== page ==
Week # 3 of Covid 19 in Annapolis, Maryland USA
Chloe, our labradoodle, thrives on attention. A scratch behind her ears or under her chin sets her tail in motion. If she meets someone she likes, she’ll lean against them cuddling with her new best friend.
But now, with social distancing and fears of contracting Covid-19, if we see someone—even an old friend with or without a dog—we keep our distance and cross to the other side of the street. She looks a little depressed to me, unable to interact with new humans and no longer able to sniff and say hello to her four footed friends. I tried to explain this to the vet during her yearly check-up this past week.
We didn’t talk in person, of course. We talked on the phone, while Chloe was examined inside his office and I waited in the car. Everyone is careful, so even credit card payments are done remotely.
My dog didn’t want to get out of the car when the vet tech arrived to lead her into the office. She didn’t understand why I wasn’t coming with her. I sat alone, reading a book, missing the ritual interaction between my dog, the staff, the vet, and the other dogs she might meet as she checked in and jumped up to be weighed on the scale in the reception room.
I see this craving for social interaction in my husband too, and I have to remind him what six feet looks like by physically pulling out a tape measure. He dutifully steers away from strangers, but when he sees someone he knows that he wants to tell a joke to, he struggles to keep his distance. I think he clearly wants to hear their laugh and see their smile. Humor is important, so I don’t mind re-listening to some of those old jokes and stories.
Restaurants are closed, except for carry-out, so people have created alternative ways to reproduce the sensation of dining out. Even if dining out means eating out of a Styrofoam container and sitting on one of the vacant benches or tables near City Dock. Boats and cars are mostly gone from the Annapolis City waterfront, but I observed one couple who’d brought their own thermos of coffee and packed a breakfast so they could sit on a concrete ledge at Ego Alley to admire the harbor view.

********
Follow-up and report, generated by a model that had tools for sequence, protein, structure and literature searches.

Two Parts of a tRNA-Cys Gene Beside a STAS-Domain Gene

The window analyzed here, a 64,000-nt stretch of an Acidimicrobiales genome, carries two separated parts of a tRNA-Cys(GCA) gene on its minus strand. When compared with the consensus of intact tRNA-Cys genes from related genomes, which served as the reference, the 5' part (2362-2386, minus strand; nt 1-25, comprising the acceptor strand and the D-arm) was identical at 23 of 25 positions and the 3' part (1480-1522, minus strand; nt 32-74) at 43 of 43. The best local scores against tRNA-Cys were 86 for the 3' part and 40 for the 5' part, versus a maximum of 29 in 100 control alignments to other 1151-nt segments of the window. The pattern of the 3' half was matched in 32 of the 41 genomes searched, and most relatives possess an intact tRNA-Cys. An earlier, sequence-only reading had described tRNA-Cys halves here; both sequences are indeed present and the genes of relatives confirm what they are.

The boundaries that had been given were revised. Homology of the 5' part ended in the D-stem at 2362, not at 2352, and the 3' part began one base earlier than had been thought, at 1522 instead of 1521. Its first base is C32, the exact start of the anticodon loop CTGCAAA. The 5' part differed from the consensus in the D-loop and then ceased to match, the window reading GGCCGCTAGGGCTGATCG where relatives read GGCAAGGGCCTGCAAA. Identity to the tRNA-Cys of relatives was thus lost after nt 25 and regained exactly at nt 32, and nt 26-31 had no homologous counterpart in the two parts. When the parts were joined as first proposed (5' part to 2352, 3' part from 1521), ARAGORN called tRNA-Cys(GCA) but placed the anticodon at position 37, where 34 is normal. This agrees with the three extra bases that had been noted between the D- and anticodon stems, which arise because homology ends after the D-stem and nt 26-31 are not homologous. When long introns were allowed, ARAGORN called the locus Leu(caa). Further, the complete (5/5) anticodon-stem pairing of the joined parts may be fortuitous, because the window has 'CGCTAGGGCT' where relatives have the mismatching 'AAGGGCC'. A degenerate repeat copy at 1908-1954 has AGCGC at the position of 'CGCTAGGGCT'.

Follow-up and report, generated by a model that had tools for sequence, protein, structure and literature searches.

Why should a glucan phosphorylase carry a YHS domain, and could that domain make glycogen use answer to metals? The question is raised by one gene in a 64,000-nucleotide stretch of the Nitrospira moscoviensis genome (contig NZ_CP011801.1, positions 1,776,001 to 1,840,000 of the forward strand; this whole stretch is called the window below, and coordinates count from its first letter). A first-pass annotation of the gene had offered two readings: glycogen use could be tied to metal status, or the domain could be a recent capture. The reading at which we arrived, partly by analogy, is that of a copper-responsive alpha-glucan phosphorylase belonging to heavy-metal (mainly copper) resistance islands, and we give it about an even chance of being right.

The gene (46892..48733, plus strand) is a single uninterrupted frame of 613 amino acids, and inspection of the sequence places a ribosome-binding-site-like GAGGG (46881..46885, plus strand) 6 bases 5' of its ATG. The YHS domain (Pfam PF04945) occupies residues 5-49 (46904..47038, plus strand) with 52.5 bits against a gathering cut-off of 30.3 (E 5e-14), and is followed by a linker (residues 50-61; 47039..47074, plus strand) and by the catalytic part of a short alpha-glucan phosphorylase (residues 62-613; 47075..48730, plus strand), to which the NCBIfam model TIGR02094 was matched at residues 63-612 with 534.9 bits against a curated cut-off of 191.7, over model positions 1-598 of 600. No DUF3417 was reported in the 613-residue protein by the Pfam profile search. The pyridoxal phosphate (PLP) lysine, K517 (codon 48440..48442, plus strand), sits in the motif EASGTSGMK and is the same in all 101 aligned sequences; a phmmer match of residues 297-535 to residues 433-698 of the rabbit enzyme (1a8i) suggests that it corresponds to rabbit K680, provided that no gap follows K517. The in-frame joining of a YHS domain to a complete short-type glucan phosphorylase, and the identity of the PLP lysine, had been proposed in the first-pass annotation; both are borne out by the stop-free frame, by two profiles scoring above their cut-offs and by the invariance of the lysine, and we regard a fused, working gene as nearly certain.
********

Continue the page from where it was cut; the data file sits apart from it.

Sadly, last Sunday I observed one acquaintance, accustomed to drinking his coffee with cronies in the morning, attempt to join a pair of friends who were sitting at a table eating their carry-out breakfast. “Six feet away,” they reminded him. Angrily he stomped off. “I’ll sit somewhere else, like my church,” he said, evidently forgetting churches are no longer open. Services are being streamed on video.
I too, in my fashion, replicate the sensation of restaurant dining in the safety of my own home. I live where houses are fairly close together and for the first time in my life, the dining room is located in the front of the house. Easily, by looking out our large windows, I can watch the progress of the construction project across the street or see a parade of bicycles and children strolling down the sidewalk. Sometimes if our eyes meet, I wave. Feeling a part of the neighborhood activities provides visual relief to a day of solitary ruminations. If I want privacy, I can always pull the shades down.
As one day slides into another, with no distinguishing difference between weekdays and weekends, I establish routines. I begin the day with hot tea and listen to the news. Methodically I clean a room, juggle money to pay bills and organize papers before sitting at the computer to start writing. Lethargy is too easy, so I challenge myself to tackle an essay subject or revise an old short story in addition to continuing the revisions on my novel.
We are only three weeks into what could be a several month siege. Instead of thinking about what lies ahead, I focus on the moment. What can I do better, now?